On this day in Alabama history: William Nichols critically wounded

On this day in Alabama history: William Nichols critically wounded
Congressman William Flynt Nichols (1918-1988) represented Alabama in the U.S. Congress for 20 years. A veteran of World War II, Nichols championed military and veterans causes in Washington. He was a long-time resident of Sylacauga. (From Encyclopedia of Alabama, U.S. Congress)

November 10, 1944

William Flynt Nichols served in the U.S. House of Representatives for two decades. The decorated war veteran, civic leader, businessman and former Alabama lawmaker was dedicated to military veterans and defense policy. He was known for co-authoring the Goldwater-Nichols Act of 1986, which reformed the U.S. military’s command structure. Born in 1919 on a small farm near Becker, Mississippi, Nichols moved with his family to Sylacauga as an infant. He played football at the Alabama Polytechnic Institute (now Auburn University) and participated in military officer training. He entered the Army in 1942 as a second lieutenant during World War II, serving as a gunnery officer. On Nov. 10, 1944, he was critically wounded by a mine and his left leg was amputated above the knee. Nichols died of a heart attack at his office in Washington, D.C., on Dec. 13, 1988. The following year, the Alabama Department of Veterans Affairs named its state veterans home in Alexander City after Nichols, who helped secure funding for the facility.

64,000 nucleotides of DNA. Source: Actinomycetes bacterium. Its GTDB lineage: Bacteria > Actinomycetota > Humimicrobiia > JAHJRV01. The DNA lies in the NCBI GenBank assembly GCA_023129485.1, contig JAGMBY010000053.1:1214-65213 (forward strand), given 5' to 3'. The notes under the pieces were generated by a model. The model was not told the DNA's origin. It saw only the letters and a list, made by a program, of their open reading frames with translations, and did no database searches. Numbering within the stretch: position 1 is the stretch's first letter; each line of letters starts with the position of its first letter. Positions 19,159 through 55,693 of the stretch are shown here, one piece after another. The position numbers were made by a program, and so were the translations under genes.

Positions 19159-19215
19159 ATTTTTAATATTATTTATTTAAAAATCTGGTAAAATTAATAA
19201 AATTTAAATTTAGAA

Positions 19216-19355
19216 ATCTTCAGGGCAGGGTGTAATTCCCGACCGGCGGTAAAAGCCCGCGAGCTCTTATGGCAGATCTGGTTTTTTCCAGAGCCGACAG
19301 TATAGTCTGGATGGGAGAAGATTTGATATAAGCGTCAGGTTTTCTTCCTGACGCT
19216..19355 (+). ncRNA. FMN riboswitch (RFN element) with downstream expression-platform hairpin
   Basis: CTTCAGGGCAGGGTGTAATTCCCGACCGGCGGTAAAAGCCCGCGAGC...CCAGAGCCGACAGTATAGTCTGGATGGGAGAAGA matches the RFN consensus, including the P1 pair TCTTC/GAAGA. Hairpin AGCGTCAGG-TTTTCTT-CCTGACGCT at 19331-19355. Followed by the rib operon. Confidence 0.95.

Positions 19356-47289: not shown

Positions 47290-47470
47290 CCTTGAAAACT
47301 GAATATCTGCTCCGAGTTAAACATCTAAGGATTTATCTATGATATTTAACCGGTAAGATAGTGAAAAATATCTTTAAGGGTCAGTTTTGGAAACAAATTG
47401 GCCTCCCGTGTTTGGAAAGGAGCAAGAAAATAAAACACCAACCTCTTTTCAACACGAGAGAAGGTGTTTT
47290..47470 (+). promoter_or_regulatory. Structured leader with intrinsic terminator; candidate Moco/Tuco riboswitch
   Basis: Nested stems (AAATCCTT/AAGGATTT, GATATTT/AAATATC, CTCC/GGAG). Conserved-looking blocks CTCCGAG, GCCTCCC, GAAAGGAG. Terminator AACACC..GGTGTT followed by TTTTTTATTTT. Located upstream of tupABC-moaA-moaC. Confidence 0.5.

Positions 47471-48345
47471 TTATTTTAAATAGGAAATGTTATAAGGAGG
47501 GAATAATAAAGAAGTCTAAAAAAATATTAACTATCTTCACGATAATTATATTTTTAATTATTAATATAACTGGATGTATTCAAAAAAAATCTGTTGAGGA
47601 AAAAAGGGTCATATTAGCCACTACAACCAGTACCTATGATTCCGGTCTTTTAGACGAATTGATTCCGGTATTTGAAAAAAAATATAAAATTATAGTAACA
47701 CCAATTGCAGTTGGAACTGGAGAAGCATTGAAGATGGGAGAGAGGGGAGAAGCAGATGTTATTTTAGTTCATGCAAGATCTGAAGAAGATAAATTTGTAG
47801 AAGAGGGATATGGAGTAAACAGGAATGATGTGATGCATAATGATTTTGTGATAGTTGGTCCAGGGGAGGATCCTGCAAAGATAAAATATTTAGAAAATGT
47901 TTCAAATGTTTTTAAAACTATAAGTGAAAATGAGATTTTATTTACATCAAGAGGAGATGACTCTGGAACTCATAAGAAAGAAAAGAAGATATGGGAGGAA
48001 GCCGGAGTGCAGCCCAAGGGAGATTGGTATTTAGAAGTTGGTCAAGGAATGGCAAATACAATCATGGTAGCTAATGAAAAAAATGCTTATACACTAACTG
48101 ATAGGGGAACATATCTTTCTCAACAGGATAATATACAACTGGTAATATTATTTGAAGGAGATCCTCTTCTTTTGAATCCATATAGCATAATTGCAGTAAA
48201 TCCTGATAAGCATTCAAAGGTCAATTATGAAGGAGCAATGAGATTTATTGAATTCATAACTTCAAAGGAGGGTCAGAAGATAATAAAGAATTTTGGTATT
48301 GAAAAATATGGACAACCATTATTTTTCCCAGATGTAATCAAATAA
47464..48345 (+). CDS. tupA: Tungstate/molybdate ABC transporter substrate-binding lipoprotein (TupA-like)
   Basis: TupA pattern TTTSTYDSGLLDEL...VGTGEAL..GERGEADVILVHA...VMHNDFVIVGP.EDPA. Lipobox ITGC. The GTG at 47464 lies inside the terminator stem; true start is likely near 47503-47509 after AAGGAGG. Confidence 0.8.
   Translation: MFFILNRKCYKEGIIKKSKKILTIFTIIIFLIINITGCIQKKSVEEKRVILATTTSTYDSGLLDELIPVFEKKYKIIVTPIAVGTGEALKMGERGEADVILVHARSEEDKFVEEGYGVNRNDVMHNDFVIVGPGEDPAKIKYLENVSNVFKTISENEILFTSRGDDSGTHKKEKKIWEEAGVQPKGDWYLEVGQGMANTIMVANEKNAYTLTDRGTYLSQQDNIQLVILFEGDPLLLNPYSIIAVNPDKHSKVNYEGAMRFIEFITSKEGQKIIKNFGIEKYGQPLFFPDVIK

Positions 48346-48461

Read more at Encyclopedia of Alabama.

For more on Alabama’s Bicentennial, visit Alabama 200.

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